Hawaiian-Language Newspapers, 1862.

Native Newspapers.—The Hawaiians are as much attached to newspapers as any newsmonger of old Athens was to the gossip of the Areopagus. Long since, the “Kumu,” “Nonanona,” and “Eleele” [Elele], have passed away. Then followed the weekly “Hae,” which was a great advance upon its predecessors, but the “Hae,” is now to be spoken of as among the things that were, and 1862 opens with the “Hoku Loa,” or “Morning Star,” a Protestant Religious Monthly, and a similar monthly issued from the Catholic Mission [“Ka Hae Kiritiano”]. Besides these, two rather ambitious weeklies are in the field, viz: “Ka Hoku o ka Pakipika,” or “Star of the Pacific,” and “Ka Nupepa Kuokoa,” or “The Independent.” The former is issued from the “Polynesian,” office, and the latter is published by Mr. H. M. Whitney, who seems determined that the Hawaiians shall have a weekly every way worthy of being called a “Newspaper.” The number for January 1st, is printed upon excellent paper, and executed in a style to reflect the highest credit upon the employees of the “Advertiser Office.” We sincerely congratulate the Hawaiians upon the rare treat which this paper will afford them each week during the ensuing year.

[I am posting this after coming across it because of a post last week by Nanea Armstrong-Wassel, seen here. It is interesting to note that the Friend was obviously not supporting the Hoku o ka Pakipika…]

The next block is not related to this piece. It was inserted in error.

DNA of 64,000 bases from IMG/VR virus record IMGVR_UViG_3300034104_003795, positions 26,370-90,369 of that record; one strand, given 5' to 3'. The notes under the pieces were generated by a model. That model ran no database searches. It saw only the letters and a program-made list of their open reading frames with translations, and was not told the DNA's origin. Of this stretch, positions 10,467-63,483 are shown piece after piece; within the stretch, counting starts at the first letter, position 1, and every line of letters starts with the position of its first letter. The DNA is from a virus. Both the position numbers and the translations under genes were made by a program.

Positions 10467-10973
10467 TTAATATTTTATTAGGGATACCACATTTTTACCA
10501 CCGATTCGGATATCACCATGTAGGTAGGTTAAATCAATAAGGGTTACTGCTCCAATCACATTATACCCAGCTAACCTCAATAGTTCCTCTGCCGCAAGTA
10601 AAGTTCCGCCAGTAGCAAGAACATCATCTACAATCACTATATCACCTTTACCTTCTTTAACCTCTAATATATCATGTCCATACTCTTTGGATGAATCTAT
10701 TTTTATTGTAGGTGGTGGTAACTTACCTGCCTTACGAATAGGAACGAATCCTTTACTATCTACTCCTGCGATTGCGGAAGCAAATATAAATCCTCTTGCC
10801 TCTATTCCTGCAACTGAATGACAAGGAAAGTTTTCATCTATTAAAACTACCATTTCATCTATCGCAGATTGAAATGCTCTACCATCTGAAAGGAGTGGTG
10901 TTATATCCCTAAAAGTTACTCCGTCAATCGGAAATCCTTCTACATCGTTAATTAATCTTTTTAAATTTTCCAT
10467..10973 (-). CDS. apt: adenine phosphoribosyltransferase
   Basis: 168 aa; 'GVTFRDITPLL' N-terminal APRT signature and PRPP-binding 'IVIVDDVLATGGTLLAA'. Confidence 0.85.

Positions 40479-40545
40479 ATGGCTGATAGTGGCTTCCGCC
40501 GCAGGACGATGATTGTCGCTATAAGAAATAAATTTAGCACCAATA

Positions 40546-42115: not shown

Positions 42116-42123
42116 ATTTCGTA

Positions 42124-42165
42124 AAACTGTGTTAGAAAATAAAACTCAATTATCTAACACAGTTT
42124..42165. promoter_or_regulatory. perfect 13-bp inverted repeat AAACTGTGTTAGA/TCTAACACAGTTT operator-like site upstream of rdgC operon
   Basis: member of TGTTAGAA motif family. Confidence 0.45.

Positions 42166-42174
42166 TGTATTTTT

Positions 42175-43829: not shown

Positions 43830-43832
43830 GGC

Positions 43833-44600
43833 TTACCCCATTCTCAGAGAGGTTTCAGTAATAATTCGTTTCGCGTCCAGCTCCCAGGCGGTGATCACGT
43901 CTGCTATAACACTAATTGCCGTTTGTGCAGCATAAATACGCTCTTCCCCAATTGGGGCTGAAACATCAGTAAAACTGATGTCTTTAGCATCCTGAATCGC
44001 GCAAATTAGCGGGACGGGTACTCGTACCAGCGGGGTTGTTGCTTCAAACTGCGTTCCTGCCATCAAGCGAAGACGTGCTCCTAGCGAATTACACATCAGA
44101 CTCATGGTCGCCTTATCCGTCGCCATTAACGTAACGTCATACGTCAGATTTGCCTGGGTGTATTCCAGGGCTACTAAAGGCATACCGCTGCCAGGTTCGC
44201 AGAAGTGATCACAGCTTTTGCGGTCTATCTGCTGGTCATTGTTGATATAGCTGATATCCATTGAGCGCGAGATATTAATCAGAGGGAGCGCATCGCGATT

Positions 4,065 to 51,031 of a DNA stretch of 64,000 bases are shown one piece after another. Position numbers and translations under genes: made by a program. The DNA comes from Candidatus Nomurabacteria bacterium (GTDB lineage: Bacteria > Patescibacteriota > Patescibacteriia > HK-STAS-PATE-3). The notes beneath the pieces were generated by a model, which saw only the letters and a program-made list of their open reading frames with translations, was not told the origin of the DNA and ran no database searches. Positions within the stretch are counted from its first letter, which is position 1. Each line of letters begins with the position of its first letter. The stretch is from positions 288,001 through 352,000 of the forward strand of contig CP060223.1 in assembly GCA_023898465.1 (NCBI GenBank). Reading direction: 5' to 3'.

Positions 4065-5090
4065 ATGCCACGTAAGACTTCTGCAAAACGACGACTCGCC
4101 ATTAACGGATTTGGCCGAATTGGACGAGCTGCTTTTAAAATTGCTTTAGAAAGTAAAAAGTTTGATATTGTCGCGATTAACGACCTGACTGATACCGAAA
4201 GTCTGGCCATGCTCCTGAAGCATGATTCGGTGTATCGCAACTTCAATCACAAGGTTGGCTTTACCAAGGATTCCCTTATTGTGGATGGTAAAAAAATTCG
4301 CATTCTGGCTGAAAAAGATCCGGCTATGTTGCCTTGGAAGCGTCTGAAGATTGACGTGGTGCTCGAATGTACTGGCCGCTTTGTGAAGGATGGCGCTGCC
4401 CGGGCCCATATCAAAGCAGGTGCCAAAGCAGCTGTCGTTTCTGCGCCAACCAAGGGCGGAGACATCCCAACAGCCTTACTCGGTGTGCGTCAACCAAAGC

(Friend, 1/1/1862, p. 1)

Native Newspapers.

The Friend, New Series, Volume II, Number 1, Page 1. January 1, 1862.

Early Thanksgiving in Hawaii, 1862

Thanksgiving Day.

In the month of Mei, 1862, at the Conference of American missionaries here in Honolulu, Rev. L. Smith, and Rev. S. C. Damon were chosen as the Committee to clarify the appropriate day for the churches of Hawaii to give thanks to God for his blessing the people of this Archipelago in this year which is coming to an end.

Therefore, we select the last Thursday of this November, that being the 27th, as the day to give thanks to God. Here are some reasons to encourage the gathering of pastors and church members to celebrate this day.

1. For this Nation’s peace, and lack of war with other Countries.

2. For the availability of food for the people of this Archipelago.

3. For the lack of trouble from pestilence.

4. For the spread of the Bible here in Hawaii; and for the ability of the people to worship the living God as they wish?

5. For the abundance of Schools, and Churches, and teachers to teach the people.

6. For the good health of the King, and the Queen. Yet we remember with aloha, their tragedy, and grief, for the passing of their beloved child, “Ka Haku o Hawaii”.

There are many other things to encourage us to glorify God in the open as one.

Therefore, God’s people should gather at their churches on the specified day, to give their appreciation, exaltation, and songs of praise.

L. Smith.

S. C. Damon.

(Nupepa Kuokoa, 11/22/1862, p. 3)

Ka La Hoomaikai.

Nupepa Kuokoa, Buke I, Helu 52, Aoao 3. Novemaba 22, 1862.